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June 27, 2019
Next week, girls from the United States and Ethiopia will be gathering in Addis Ababa for the 2019 Women in Science Girls’ STEAM Camp, where they’ll explore how to use technology to build a safer, more secure world, all while developing their leadership skills and making new friends from other cultures.
Also known as WiSci, the camp brings together teen girls from the U.S. and around the world to explore STEAM (Science, Technology, Engineering, Art & Design, and Mathematics) subjects under the mentorship of professionals. WiSci is a private-public partnership between the U.S. Department of State’s Secretary’s Office of Global Partnerships, the UN Foundation’s Girl Up Initiative, Intel, Google, Microsoft, NASA, and the American Society for Microbiology. The WiSci camp in Ethiopia is implemented by World Learning.
What can this year’s campers expect from their WiSci experience? We turned to the experts for advice: Girls — and an adult mentor — from last year’s camp in Namibia with high school girls from Namibia, Ethiopia, Kenya, eSwatini, and the U.S. (Check out stories from last year’s camp). Read ahead and get inspired!
Samkay, 16, eSwatini
This camp is the best thing that has ever happened to me. To any girl who would want to join this camp, let me just say to you that it would be a great opportunity for you to see this camp, experience all that I’ve seen, and learn a lot of new things because these people right here are bringing opportunities to us that we couldn’t get back home. So please come.
Abby, 16, Kenya
I would tell girls that WiSci is not anything you would expect. It’s actually much better. And bring snacks.
Hildana, 16, Ethiopia
My advice would be to not be afraid and to start socializing because there’s a lot you can learn from your peers, just as much as you can learn from your teachers. I got to experience that here.
Jennifer, 17, U.S.
Take risks. Speak to as many people as you can. Take advantage of every opportunity that faces you at WiSci — even leaving home. It’s a great opportunity to span our wings so don’t be afraid to go. And have fun!
Nokwanda, 16, eSwatini
Today I heard this very inspirational quote that says, “Don’t tell me the sky is the limit when there are footprints on the moon.” So, as the quote says, don’t set the limit for yourself.
I’d rather that [a future WiSci camper] failed trying rather than fail without trying at all. If you don’t think your application is good enough, that’s fine. Try it out because you never know what’s ahead. Everything happens for a reason. It’s going to work out. Persevere because we need more strong women in the world. If a girl from Swaziland, one of the smallest countries in the entire world, could make it to Namibia and showcase who she really is then there’s no reason why you can’t.
Jo-Ann, 16, Namibia
Girls should know that when someone introduces the word STEAM to them, it doesn’t necessarily mean male. It means female, too. Whatever a man can do, a woman can do, and they can do it even better.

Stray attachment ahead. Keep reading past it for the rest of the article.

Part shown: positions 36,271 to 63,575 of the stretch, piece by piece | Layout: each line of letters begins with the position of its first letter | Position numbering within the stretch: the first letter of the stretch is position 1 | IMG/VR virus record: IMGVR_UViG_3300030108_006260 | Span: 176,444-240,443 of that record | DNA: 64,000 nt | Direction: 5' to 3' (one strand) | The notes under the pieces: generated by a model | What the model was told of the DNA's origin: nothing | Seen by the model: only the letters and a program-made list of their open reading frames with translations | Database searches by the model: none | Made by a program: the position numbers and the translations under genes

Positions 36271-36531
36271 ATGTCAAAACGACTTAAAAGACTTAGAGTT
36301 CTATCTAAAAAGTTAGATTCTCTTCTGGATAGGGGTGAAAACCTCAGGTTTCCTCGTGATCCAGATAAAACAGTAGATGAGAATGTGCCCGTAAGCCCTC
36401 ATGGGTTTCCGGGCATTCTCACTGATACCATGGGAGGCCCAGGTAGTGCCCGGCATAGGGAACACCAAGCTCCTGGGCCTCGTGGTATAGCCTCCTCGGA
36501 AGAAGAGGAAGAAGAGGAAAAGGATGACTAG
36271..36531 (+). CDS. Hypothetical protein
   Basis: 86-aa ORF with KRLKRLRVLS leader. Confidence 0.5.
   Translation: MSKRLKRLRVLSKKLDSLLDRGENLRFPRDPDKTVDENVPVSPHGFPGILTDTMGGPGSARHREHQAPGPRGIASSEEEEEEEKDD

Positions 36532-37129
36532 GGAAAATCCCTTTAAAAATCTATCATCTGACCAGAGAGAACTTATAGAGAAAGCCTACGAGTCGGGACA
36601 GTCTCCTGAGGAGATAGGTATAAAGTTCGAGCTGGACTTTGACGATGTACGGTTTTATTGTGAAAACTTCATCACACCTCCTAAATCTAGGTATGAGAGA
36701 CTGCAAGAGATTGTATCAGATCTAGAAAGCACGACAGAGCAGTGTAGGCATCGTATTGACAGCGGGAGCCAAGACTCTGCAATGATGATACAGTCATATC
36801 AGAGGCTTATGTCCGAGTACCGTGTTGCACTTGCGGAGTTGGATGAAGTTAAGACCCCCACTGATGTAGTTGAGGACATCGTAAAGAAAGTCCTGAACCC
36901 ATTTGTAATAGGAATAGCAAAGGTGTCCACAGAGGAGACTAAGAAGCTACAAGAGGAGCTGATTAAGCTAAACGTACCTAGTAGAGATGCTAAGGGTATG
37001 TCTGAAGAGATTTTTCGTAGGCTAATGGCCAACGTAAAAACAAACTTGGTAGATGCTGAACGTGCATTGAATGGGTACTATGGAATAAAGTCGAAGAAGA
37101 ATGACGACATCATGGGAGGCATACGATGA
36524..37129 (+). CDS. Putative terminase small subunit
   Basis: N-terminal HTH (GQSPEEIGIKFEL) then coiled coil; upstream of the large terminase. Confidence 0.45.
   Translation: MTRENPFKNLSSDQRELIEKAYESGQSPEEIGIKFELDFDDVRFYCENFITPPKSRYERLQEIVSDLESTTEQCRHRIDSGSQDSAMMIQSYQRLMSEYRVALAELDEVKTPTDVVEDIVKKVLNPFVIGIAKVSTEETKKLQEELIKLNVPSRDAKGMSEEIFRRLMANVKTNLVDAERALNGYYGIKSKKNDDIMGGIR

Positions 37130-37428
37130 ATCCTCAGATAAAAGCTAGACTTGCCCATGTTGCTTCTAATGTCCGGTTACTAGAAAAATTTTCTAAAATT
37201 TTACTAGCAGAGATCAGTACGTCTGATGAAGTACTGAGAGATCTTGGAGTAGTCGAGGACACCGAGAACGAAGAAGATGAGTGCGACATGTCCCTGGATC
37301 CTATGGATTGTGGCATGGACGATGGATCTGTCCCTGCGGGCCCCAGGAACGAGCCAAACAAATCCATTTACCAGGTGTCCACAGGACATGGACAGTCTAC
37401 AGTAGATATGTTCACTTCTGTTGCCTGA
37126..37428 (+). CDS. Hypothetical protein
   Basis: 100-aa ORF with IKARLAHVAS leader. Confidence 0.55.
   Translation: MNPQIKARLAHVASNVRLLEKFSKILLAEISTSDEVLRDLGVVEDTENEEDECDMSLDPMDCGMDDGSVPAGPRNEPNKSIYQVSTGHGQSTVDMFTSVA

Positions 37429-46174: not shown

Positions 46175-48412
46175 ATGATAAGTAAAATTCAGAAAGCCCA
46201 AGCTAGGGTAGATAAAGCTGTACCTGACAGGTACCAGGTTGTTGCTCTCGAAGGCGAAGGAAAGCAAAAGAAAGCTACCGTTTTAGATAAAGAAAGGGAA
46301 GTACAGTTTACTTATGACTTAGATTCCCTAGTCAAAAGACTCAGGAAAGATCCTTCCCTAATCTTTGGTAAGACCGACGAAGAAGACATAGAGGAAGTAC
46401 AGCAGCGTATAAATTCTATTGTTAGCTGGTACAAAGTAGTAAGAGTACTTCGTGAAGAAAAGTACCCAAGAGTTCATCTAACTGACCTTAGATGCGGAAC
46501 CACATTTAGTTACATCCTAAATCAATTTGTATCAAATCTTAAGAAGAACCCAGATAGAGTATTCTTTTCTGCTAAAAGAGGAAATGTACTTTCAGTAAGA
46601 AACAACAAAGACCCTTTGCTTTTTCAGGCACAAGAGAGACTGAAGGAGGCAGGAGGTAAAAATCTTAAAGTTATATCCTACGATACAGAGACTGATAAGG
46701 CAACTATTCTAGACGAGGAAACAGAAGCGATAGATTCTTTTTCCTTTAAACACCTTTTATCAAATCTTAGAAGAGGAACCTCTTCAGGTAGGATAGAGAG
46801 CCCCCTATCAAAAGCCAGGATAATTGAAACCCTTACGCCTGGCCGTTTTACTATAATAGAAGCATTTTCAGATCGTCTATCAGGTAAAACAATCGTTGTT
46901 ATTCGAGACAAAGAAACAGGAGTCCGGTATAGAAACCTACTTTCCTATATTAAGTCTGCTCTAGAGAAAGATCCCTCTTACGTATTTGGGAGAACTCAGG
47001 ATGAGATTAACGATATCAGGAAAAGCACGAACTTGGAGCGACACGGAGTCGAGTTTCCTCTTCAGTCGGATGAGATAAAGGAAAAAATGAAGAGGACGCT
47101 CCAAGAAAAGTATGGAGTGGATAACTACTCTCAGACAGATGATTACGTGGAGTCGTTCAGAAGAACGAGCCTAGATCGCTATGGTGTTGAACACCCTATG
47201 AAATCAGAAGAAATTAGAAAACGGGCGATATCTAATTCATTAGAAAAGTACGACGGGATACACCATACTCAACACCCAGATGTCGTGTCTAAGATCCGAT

So, I would advise girls to join the camp because at the camp it’s not just about STEAM. It’s about STEAM and about building yourself as a person. For example, in the Girl Up classes, we were taught how to see yourself with a positive body image. And those things help you grow as a person.
Bethany, 17, Ethiopia
I would tell girls that there’s nothing to be shy of. They can do it. We can lead. Go girls!
Zoe, 17, Namibia
I’m a very confident person, but this camp boosted my confidence even more, like over the border. There are a lot of shy girls here, but during the course of the camp, these classes helped them to speak up more, to say what they feel, to express themselves in the way that they are most comfortable.
In some villages, girls are not allowed to speak up on anything. So I feel like this camp teaches us how to advocate, where to advocate, and when, and it teaches us how to be confident. I feel like this was a really uplifting program, so I would advise girls to attend so they can benefit as we benefited.
Bezawit G., 16, Ethiopia
Don’t stress much because nobody really knows what they’re doing before they’re here. People may say, “I’m not good enough” or they’re afraid to face other cultures or something. Be open-minded. Don’t be afraid to try.
Anele, 16, eSwatini
Be open. I mean open. Come here and make long relationships. Make relationships that matter. Make relationships where you can say, “I was at camp and we created this app” or “I was at camp and we created this particular project which, now that I’m successful, I can actually implement it outside of just my village or my school.” Those are the kinds of relationships I’m glad I’m making right now. Make friends but make significant friendships that can go on forever.
Renata, 16, U.S.
This is the most amazing experience and you need to take every opportunity that you can because they’re worth more than you can imagine. Even the flight! Make as many friends as you can. Don’t be afraid to switch tables to be with different people. Eat the food. Try to be as happy as you can and don’t focus on the little things that are bothering you because it’s just so big picture what we’re doing here. We’re advancing women in STEAM, which is so cool. It’s such an amazing program.
Onome Ofoman, Software Engineer, Google
Women in Science (WiSci) Girls STEAM (Science, Technology, Engineering, Art & Design, and Mathematics) Camp is a private public partnership (PPP) between the U.S. Department of State’s Secretary’s Office of Global Partnerships, the UN Foundation’s Girl Up Initiative, Intel, Google, Microsoft, NASA, and the American Society for Microbiology. In 2018, the camp brought approximately 100 high school girls from the African continent and the U.S. together for 13 days in Namibia to explore the STEAM fields and access mentorship opportunities and leadership training.